"I am very pleased that you learn from your mistakes, Little One," said Thalia with a small chuckle. "Unfortunately, I can offer you no proof that would make you believe what I say. You just have to have faith."

"Okay - what is that you want me to do?" asked Aryn, warily.

"Under the Temple is a tunnel which leads to a chamber," said Thalia. "Only the priestesses remembered it. In that chamber is something which will help Aradia against Aurelian and the Romans. I want you to get it and give it to her."

"That’s it?" said Aryn. "Why me? Why not lead Aradia to it instead?"

"Because only a priestess is permitted to enter this chamber," said Thalia.

"I’m not a priestess," said Aryn. "I’m not really even an Amazon yet."

"Oh, but you are," said Thalia, smiling at her. "You were destined for the Temple since you were born."

"What if I refuse?" asked Aryn.

"It is your choice, Aryn," said Thalia.

"It is?" said the girl.

"Of course - the Goddess does not want unwilling servants," said Thalia.

"But if I don’t do Her will, the consequences will be terrible, right?" said Aryn.

"That depends on your definition of ‘terrible’," said Thalia. "I think if you choose another vocation, you will spend the rest of your life feeling unfulfilled because you’re not doing what you are best suited to do, but I don’t see any great catastrophe befalling you or the Amazon Nation just because you exercised free will."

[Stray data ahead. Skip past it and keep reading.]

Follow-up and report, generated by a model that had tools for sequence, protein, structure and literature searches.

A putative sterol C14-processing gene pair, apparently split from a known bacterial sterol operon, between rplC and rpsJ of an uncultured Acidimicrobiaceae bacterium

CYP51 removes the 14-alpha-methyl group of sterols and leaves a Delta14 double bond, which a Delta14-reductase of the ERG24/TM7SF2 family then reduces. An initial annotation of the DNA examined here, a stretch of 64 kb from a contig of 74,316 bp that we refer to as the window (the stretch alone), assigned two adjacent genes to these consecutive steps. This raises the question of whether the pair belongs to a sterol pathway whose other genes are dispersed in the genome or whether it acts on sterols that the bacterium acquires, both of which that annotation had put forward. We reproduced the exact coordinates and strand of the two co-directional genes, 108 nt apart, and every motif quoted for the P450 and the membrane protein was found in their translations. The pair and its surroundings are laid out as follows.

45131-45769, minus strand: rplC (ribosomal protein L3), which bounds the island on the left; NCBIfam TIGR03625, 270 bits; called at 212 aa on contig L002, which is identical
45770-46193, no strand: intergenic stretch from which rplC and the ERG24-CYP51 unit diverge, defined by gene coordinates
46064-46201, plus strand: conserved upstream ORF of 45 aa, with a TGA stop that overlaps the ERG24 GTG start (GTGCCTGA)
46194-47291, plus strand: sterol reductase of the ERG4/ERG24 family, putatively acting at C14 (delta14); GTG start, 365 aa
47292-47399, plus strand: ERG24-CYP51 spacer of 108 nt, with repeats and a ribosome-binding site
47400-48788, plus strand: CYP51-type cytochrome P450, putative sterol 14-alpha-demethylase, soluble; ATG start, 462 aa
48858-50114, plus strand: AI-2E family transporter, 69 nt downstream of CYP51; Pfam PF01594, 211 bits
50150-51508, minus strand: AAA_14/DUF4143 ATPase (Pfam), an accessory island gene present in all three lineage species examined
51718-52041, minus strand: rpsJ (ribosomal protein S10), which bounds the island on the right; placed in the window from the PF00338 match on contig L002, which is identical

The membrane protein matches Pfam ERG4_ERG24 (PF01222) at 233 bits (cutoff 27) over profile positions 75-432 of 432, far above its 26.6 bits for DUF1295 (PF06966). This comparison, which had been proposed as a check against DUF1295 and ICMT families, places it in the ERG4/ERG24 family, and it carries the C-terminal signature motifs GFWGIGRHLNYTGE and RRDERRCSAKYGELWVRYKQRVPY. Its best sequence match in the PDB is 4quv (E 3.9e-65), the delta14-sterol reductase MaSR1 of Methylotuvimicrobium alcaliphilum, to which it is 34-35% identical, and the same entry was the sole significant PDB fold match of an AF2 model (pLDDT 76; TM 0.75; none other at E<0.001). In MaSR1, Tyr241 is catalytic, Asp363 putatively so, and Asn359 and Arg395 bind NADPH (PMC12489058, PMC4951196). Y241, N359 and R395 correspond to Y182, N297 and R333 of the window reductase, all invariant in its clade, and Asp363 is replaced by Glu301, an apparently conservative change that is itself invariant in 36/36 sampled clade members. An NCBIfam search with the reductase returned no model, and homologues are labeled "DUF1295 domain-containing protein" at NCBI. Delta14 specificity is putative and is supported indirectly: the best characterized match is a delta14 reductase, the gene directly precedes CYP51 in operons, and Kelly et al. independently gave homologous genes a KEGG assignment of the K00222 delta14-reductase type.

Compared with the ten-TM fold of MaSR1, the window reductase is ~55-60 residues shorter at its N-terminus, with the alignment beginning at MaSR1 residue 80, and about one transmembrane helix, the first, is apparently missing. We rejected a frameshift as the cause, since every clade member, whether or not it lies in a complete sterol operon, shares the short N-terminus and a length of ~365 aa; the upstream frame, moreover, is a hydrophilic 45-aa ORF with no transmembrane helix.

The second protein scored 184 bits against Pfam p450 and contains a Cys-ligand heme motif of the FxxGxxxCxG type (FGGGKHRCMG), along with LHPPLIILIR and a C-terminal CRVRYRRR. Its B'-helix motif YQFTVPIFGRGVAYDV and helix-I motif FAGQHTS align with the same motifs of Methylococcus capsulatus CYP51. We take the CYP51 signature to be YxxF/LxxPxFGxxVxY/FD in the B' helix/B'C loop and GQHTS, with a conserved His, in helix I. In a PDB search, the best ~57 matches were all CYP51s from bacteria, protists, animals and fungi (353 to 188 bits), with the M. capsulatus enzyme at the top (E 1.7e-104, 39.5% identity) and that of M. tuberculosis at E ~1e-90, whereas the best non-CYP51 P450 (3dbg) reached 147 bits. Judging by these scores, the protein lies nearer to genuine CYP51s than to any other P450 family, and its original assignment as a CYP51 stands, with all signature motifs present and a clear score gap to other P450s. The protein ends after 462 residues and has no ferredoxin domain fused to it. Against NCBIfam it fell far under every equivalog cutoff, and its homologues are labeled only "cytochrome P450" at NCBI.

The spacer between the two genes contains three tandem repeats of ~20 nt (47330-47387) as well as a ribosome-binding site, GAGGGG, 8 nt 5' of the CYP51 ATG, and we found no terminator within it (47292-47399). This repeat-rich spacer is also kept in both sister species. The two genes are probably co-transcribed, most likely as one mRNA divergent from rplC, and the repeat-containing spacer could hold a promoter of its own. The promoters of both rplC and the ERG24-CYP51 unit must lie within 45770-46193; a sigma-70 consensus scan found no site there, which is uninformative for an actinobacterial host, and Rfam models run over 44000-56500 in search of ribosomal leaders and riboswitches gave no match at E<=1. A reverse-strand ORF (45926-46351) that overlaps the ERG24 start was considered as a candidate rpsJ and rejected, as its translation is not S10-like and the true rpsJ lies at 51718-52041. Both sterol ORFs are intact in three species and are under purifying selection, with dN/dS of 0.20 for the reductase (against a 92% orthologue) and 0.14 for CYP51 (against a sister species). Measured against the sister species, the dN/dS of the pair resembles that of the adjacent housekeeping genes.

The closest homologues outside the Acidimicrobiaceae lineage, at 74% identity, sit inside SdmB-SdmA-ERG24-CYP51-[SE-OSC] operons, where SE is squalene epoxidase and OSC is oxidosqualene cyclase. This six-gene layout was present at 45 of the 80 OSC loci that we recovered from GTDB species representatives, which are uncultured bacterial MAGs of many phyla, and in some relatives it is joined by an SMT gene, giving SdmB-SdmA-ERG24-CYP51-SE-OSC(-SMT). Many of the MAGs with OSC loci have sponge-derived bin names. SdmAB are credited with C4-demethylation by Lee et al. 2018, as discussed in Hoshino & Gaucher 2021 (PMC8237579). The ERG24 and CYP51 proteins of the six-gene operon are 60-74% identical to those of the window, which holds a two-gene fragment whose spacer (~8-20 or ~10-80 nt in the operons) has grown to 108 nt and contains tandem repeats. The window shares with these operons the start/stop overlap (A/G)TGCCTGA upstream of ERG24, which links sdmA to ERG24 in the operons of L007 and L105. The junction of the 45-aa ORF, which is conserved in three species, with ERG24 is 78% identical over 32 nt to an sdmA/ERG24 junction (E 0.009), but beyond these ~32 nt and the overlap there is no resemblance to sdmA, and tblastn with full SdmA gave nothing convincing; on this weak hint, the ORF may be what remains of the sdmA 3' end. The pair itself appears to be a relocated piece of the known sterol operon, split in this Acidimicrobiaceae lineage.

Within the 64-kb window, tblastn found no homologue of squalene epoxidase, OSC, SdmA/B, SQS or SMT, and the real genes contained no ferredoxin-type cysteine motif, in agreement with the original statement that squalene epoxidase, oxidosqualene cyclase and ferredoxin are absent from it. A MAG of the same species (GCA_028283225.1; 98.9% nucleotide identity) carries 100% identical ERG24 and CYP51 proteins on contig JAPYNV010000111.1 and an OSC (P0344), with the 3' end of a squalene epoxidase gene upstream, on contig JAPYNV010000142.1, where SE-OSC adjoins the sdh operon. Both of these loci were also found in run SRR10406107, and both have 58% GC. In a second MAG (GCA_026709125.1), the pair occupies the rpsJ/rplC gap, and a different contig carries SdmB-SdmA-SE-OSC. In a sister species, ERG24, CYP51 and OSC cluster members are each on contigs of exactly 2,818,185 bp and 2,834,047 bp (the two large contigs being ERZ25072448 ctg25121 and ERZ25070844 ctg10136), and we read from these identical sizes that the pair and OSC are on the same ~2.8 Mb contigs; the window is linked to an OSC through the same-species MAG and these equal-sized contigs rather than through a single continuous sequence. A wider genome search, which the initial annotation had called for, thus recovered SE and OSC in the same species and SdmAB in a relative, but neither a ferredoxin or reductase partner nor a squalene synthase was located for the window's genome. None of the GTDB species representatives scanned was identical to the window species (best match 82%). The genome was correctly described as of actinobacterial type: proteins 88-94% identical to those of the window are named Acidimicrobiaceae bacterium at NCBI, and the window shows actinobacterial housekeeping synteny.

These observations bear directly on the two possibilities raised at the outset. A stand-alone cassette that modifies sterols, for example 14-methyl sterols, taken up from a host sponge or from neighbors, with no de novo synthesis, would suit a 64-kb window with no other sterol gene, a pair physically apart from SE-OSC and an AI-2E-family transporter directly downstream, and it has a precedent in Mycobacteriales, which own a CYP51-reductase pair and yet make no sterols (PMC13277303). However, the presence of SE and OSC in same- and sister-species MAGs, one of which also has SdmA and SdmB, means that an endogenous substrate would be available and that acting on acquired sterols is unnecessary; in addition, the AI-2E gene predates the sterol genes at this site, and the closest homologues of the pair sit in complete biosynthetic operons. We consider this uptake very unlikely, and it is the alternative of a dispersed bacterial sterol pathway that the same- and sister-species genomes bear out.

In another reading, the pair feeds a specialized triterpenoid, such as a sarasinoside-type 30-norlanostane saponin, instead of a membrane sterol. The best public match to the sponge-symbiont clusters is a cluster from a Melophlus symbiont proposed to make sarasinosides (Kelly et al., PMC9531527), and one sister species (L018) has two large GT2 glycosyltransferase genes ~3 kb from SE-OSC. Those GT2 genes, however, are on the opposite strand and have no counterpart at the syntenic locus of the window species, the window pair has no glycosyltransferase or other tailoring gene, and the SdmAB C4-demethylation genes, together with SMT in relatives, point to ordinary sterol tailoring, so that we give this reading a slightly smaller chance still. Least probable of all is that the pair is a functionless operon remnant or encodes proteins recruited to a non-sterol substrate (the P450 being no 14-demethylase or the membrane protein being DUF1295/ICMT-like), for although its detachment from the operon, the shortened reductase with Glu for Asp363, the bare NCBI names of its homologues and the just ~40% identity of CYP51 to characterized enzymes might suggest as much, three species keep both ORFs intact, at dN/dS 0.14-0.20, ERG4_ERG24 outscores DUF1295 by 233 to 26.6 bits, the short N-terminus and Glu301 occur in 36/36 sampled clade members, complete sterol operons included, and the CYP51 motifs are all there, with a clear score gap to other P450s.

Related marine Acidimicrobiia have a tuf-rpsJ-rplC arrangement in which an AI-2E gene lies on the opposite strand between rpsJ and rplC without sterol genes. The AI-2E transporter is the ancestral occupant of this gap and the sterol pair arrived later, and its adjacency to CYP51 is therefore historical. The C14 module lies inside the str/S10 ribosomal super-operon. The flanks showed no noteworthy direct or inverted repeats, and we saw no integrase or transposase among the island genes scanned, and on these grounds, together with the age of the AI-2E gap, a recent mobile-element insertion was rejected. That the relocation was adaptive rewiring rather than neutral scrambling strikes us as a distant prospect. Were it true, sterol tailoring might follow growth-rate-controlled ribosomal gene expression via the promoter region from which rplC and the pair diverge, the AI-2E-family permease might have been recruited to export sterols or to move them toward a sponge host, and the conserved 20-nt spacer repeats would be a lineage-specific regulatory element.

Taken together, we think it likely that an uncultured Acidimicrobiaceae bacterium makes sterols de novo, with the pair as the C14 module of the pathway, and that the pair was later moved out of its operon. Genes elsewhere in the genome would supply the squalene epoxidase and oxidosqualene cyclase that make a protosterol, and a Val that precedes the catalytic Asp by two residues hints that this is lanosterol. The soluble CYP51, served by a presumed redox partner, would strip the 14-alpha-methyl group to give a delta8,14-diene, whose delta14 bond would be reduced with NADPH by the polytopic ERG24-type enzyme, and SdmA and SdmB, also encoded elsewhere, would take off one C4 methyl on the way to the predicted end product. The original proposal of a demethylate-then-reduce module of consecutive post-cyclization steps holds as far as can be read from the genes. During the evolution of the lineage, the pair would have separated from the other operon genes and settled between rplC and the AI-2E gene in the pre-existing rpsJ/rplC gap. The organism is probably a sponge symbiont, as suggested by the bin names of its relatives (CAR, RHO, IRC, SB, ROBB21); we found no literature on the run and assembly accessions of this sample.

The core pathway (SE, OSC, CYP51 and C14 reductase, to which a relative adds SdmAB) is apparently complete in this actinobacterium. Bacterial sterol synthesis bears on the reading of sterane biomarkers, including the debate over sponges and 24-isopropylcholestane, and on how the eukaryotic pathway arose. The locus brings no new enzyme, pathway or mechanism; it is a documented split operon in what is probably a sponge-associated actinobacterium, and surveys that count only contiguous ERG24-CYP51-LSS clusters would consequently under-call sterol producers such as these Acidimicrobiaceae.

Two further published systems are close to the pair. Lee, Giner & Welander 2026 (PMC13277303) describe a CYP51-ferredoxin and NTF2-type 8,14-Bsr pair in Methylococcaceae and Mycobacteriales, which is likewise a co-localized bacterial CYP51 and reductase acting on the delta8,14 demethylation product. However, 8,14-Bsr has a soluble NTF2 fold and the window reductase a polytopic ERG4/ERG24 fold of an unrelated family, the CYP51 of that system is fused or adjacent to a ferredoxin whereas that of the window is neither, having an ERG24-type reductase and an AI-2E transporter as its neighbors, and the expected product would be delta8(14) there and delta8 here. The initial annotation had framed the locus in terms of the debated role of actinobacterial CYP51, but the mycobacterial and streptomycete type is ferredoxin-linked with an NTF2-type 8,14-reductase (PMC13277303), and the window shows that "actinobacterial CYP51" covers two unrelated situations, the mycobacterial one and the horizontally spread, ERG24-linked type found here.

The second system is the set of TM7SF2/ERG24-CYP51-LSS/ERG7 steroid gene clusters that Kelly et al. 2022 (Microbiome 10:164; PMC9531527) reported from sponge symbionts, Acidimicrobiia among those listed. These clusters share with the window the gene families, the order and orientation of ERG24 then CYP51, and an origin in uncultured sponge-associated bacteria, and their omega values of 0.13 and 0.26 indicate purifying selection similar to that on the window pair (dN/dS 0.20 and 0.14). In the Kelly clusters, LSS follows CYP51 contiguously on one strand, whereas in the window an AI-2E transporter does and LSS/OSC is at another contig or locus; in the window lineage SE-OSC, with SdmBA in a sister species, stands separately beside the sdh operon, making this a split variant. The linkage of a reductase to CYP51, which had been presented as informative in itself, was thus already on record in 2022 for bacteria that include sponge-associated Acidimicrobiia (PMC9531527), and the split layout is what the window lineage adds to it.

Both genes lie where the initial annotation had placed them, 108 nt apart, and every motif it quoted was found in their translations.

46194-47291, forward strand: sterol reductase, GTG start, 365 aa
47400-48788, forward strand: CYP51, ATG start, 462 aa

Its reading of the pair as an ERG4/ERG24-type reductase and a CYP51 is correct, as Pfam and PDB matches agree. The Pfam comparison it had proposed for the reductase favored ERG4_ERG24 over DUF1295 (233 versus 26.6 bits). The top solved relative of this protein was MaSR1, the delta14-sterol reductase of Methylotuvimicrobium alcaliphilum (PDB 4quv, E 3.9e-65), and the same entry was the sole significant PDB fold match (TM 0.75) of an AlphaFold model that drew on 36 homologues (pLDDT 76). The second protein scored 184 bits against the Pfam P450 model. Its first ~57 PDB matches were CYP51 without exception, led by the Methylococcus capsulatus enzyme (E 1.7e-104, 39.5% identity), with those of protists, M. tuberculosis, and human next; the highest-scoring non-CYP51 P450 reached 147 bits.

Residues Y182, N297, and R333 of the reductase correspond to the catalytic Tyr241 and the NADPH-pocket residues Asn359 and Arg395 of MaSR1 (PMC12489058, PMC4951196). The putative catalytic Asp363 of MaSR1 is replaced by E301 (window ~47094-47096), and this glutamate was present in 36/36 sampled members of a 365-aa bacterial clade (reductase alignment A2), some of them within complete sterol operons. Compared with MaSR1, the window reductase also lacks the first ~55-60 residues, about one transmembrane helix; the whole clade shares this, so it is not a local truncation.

"Well, I know you’re not Ares now - he uses a lot more pressure - and guilt - to convince people to do what he wants," said Aryn with a sigh. "But how did you know about this secret chamber that only priestesses can enter?"

"No, Aryn, I am not Ares," said Thalia, smiling gently. " It isn’t a secret. At one time all the Amazons knew about it. Only priestesses are permitted to enter it, but that’s because it’s a consecrated place; if anyone else were to step foot there, it would lose its magic. I think when you see what is in the chamber below, you will understand more."

"Okay," said Aryn, stepping up to the trap door. She looked down into the inky blackness, then back up to her mother’s face. The girl leaned up and kissed Thalia’s cheek, brushing a tear from her own. "I sure do miss you."

"I know," said Thalia, tears welling in her own eyes.

"Um, I don’t suppose you can come with me?" said Aryn.

"Of course I’ll be with you, Aryn," said Thalia. "I always am - remember that; but it takes a lot of energy to manifest this way and I’ve about used mine up."

"Okay," said Aryn, nodding. She climbed down into the tunnel.

"Wait," Thalia said, reaching over and taking the Sword of Artemis from the statue’s hand. "You’ll need this." Aryn’s eyes widened a bit, but she took the Sword. Thalia smiled. "No, not to fight."

Remembering how the Sword had illuminated Athtar’s dark cave, Aryn nodded, relieved and began to make her way through the narrow tunnel. It sloped downward in a gentle incline and Aryn walked, holding the Sword like a torch. She noticed carvings on the walls, strange symbols and pictures which told stories. She would have lingered to study them, but she was filled with a sense of urgency.

She walked until the she came to a wooden door at the end of the tunnel. She tried the door, but found it locked.